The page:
Spiderhead (2022), the dawn of cyberbeige

Of the big streaming services, mostly because it’s given up on having any kind of 80s and 90s back catalogue, Netflix is currently the best place for new cyberpunk things to watch. So, when this Chris Helmsworth fronted drama, written by the team who did Deadpool randomly appeared on Friday I was all kinds of pumped up about it. And now I can happily report that it was mostly okay if you have time to kill.

The set up is solid: prisons are a decent starting point for grubby sci-fi and they force people into the kind of abusive situations this film is all about. That it looks like an office designed by a minimalist Ikea consultant also helps, as gives off a low-key tech ambiance and an uncomfortable feeling of enforced uniformity. That the particular post-human widgetry involves mind-altering experimental drug testing on dubiously consenting inmates is also a good choice, as it has the double edge of being grounded in real world horrors and opening up questions about free will.

“Yeah, I’m going to do this for an hour. Enjoy”

The cast is also, theoretically, on point. Miles Teller does a stoic job as Jeff, the gruff inmate, and Chris Hemsworth plays the charming jailer/experimenter Steve with just the right mix of sympathy and bastardry. The rest of the cast do decent jobs of playing a smorgasbord of inmates, ranging from the mild mannered to the screamingly psychotic, as they go around being guinea pigs in a gilded cage.

Fun Fact: this is the first time a violent person has been presented as being able to read.

Everything looks lovely, all the words are nicely drafted, and there are enough quiet moments to make you think it’s all rather deep and moody. It asks a couple of interesting questions, does enough world building to make you think effort had been put in, and carries along for the most part like a first cut of a Black Mirror episode. Unfortunately, after a while you notice that you’re just waiting for Chris Hemsworth to come back on screen and play against type.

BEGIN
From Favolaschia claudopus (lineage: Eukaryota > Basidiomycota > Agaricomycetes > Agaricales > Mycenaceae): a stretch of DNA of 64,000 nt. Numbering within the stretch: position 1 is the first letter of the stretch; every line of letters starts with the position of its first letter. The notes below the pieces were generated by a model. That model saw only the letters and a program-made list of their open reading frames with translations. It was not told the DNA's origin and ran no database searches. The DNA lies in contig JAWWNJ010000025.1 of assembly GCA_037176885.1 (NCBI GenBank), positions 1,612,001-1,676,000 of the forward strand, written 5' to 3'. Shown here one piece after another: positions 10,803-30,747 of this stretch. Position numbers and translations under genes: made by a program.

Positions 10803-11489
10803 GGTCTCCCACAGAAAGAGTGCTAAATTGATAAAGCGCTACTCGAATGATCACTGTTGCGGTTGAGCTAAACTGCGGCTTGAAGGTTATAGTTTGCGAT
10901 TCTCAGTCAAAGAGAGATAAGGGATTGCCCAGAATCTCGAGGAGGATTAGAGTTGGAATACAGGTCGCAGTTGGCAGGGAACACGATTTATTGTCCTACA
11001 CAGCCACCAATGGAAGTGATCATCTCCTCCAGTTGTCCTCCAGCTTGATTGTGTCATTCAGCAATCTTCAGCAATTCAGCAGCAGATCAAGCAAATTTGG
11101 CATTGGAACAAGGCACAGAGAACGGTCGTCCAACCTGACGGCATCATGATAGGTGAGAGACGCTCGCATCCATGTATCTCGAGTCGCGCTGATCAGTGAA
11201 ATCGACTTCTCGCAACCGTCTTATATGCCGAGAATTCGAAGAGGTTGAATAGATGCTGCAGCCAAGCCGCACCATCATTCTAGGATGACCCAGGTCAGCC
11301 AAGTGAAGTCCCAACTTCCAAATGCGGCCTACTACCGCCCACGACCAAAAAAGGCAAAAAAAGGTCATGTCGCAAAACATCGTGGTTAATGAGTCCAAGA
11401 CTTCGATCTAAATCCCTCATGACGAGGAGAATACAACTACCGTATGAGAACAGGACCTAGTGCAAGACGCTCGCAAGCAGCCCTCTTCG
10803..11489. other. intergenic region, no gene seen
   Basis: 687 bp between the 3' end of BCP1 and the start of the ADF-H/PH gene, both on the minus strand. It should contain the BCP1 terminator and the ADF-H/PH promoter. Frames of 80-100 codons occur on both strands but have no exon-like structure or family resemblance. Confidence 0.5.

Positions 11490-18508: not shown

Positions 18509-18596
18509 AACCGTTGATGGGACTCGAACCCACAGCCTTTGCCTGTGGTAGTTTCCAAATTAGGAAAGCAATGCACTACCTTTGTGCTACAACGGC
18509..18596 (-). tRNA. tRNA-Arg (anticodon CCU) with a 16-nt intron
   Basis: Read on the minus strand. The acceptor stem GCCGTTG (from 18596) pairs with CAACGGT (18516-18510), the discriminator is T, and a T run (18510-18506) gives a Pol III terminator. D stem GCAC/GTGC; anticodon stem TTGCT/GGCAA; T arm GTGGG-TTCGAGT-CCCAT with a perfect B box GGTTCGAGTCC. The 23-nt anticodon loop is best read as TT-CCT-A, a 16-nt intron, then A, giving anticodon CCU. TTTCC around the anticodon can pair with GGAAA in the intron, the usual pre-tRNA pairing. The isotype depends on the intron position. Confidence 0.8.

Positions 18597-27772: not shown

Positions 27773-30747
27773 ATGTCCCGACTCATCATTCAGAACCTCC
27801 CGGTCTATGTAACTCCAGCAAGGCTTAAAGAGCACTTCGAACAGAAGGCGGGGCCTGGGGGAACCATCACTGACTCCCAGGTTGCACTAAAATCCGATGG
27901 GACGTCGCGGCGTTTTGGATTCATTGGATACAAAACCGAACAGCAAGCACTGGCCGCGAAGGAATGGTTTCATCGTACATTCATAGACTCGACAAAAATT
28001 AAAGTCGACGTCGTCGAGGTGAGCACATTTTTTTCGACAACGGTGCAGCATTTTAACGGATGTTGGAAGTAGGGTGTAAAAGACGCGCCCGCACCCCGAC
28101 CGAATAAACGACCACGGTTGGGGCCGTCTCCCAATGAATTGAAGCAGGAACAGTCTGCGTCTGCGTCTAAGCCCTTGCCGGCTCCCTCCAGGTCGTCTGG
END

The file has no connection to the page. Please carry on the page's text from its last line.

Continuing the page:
“Don’t worry, I’m a billionaire; we’re never the bad guy”

Part of this is due to the set-up requiring that the inmates act constantly detached and disinterested in each other, which makes for a lot of people being mono syllabic at each other. But part of it is just rather dull, overly moralistic, writing. Jeff’s backstory is engaging until its wonky order is straightened out, and Lizzy (Jurness Smollett) is given a dark secret that could have been social commentary if it wasn’t presented as cliched closet-misogyny. Overall, it fails to do anything interesting with any of it’s premises or ideas. Instead it’s just carries on, self-satisfied, that it floated it’s broad questions in a non-committal manner.

“Did I leave the gas on?”

The ending is also rather dull, deviating from the far better one in the original story, because it highlights how much of the film is given over to letting Hemsworth mug for the camera. It’s hard to overstate how well he does this, but it’s not enough to stop the bulk of the proceedings from being highly forgettable Trash. Someone is undoubtedly making a supercut of his moments in this movie and that’s going to be far more satisfying, and better edited, than the full version.

The Raggedyman

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